I'm testing out the Blogger App ... a friend posted this very cool video to FaceBook today, and I thought you might all enjoy it. Not sure the app will embed it properly though. My apologies if you have to follow the link to youtube.
28 January 2015
Travels in Englandc 1782: The Theatre in the Haymarket
"Last week I went twice to an English play-house. The first time “The Nabob” was represented, of which the late Mr. Foote was the author, and for the entertainment, a very pleasing and laughable musical farce, called “The Agreeable Surprise.” The second time I saw “The English Merchant:” which piece has been translated into German, and is known among us by the title of “The Scotchwoman,” or “The Coffee-house.” I have not yet seen the theatres of Covent Garden and Drury Lane, because they are not open in summer. The best actors also usually spend May and October in the country, and only perform in winter.
For a seat in the boxes you pay five shillings, in the pit three, in the first gallery two, and in the second or upper gallery, one shilling. And it is the tenants in this upper gallery who, for their shilling, make all that noise and uproar for which the English play-houses are so famous. I was in the pit, which gradually rises, amphitheatre-wise, from the orchestra, and is furnished with benches, one above another, from the top to the bottom. Often and often, whilst I sat there, did a rotten orange, or pieces of the peel of an orange, fly past me, or past some of my neighbours, and once one of them actually hit my hat, without my daring to look round, for fear another might then hit me on my face.
All over London as one walks, one everywhere, in the season, sees oranges to sell; and they are in general sold tolerably cheap, one and even sometimes two for a halfpenny; or, in our money, threepence. At the play-house, however, they charged me sixpence for one orange, and that noways remarkably good.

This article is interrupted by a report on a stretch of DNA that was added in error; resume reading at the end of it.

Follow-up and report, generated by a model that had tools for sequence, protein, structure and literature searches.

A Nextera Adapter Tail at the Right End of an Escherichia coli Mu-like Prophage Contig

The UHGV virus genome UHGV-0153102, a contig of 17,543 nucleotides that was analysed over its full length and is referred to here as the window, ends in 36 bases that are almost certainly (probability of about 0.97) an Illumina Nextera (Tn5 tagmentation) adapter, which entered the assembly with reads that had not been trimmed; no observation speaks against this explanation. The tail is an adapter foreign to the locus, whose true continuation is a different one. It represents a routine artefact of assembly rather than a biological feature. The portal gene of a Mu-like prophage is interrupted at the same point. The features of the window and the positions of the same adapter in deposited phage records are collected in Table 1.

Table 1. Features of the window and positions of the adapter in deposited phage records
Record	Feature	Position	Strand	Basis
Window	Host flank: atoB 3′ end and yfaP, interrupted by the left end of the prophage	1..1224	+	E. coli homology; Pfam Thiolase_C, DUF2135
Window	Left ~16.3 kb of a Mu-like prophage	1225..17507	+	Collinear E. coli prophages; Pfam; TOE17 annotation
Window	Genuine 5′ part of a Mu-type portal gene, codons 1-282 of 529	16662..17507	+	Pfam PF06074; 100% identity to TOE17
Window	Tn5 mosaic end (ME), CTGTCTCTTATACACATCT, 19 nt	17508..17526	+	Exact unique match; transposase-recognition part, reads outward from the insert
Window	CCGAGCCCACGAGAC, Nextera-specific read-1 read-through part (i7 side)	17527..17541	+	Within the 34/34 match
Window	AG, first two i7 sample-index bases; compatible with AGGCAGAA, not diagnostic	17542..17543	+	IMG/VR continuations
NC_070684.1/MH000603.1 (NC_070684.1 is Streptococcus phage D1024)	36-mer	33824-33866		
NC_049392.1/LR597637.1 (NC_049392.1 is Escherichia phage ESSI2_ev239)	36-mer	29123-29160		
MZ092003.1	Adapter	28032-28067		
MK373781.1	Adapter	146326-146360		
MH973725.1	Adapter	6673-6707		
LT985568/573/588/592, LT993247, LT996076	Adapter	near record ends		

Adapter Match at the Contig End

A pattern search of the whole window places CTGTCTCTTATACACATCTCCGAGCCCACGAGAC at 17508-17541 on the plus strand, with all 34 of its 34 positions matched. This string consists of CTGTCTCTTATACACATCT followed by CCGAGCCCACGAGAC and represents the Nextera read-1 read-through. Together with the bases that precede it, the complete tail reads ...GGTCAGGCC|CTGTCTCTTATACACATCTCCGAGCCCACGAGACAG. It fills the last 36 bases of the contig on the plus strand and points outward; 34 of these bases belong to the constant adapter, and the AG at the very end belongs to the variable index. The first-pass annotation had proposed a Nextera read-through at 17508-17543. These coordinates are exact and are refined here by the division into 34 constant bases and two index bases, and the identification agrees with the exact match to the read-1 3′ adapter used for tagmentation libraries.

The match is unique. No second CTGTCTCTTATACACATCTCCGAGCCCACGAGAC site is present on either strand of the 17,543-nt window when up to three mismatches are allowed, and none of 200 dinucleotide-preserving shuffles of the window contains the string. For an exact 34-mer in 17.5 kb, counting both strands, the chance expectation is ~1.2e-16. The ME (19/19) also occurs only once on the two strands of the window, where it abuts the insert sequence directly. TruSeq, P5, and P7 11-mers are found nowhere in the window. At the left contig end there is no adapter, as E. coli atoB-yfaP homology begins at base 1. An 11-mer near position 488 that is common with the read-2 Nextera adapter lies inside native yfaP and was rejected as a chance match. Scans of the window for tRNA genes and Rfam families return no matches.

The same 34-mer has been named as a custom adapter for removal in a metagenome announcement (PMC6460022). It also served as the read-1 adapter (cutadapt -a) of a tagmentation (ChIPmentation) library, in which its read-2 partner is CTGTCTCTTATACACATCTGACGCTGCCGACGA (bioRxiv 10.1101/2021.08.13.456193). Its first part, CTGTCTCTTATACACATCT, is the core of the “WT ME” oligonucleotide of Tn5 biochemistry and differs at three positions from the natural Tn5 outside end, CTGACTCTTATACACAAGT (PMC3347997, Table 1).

Besides this perpetual pelting from the gallery, which renders an English play-house so uncomfortable, there is no end to their calling out and knocking with their sticks till the curtain is drawn up. I saw a miller’s, or a baker’s boy, thus, like a huge booby, leaning over the rails and knocking again and again on the outside, with all his might, so that he was seen by everybody, without being in the least ashamed or abashed. I sometimes heard, too, the people in the lower or middle gallery quarrelling with those of the upper one. Behind me, in the pit, sat a young fop, who, in order to display his costly stone buckles with the utmost brilliancy, continually put his foot on my bench, and even sometimes upon my coat, which I could avoid only by sparing him as much space from my portion of the seat as would make him a footstool. In the boxes, quite in a corner, sat several servants, who were said to be placed there to keep the seats for the families they served till they should arrive; they seemed to sit remarkably close and still, the reason of which, I was told, was their apprehension of being pelted; for if one of them dares but to look out of the box, he is immediately saluted with a shower of orange peel from the gallery."
11 January 2015
The Incomparable Inspiration of Georgette Heyer
I reread her books frequently, and I’m hard-pressed to pick favorites, though I do have a fairly consistent top three. The Grand Sophy which has a wonderfully tough, independent heroine, a nicely understated love story, a sharply-detailed cast of secondary characters, laugh-outloud humor, and an hysterically funny ending in which all the characters and plotlines converge. Veneita which beautifully captures the wonder of finding a friend and lover and manages at once to be deeply romantic and yet have a keen edge of reality (I also realized writing this that Venetia and Damerel toss quotations back and forth, which is probably yet another reason why my Suzanne and Malcolm do the same). And An Infamous Army, set in Brussels in the weeks before and then during the Battle of Waterloo. An Infamous Army started my interest in the Napoleonic Wars and introduced me to a collection of real historical people who figure in the book and who I’ve gone on to use in my own books (Wellington, Fitzroy Somerset, the Prince of Orange, the Duchess of Devonshire, Georgiana Lennox). And its rebellious heroine and quietly honorable hero are a fascinating pair. I wanted to write a book about Waterloo ever since I read it and finally did with Imperial Scandal.
Those are my favorite three, but they leave out so many others I love–Sylvester, Arabella (after whom I named my Madame Alexander doll when I was ten), Frederica, These Old Shades, Devil’s Cub, Friday’s Child…
The Paris Affair concludes with the characters converging at an inn in the French countryside). Heyer continues to influence my in myriad ways, from her sharply drawn secondary characters to her wonderful action set pieces to her vivid period detail.
Have you read Georgette Heyer? Any particular favorites? What makes those books stand out for you? Writers, has Heyer influenced you?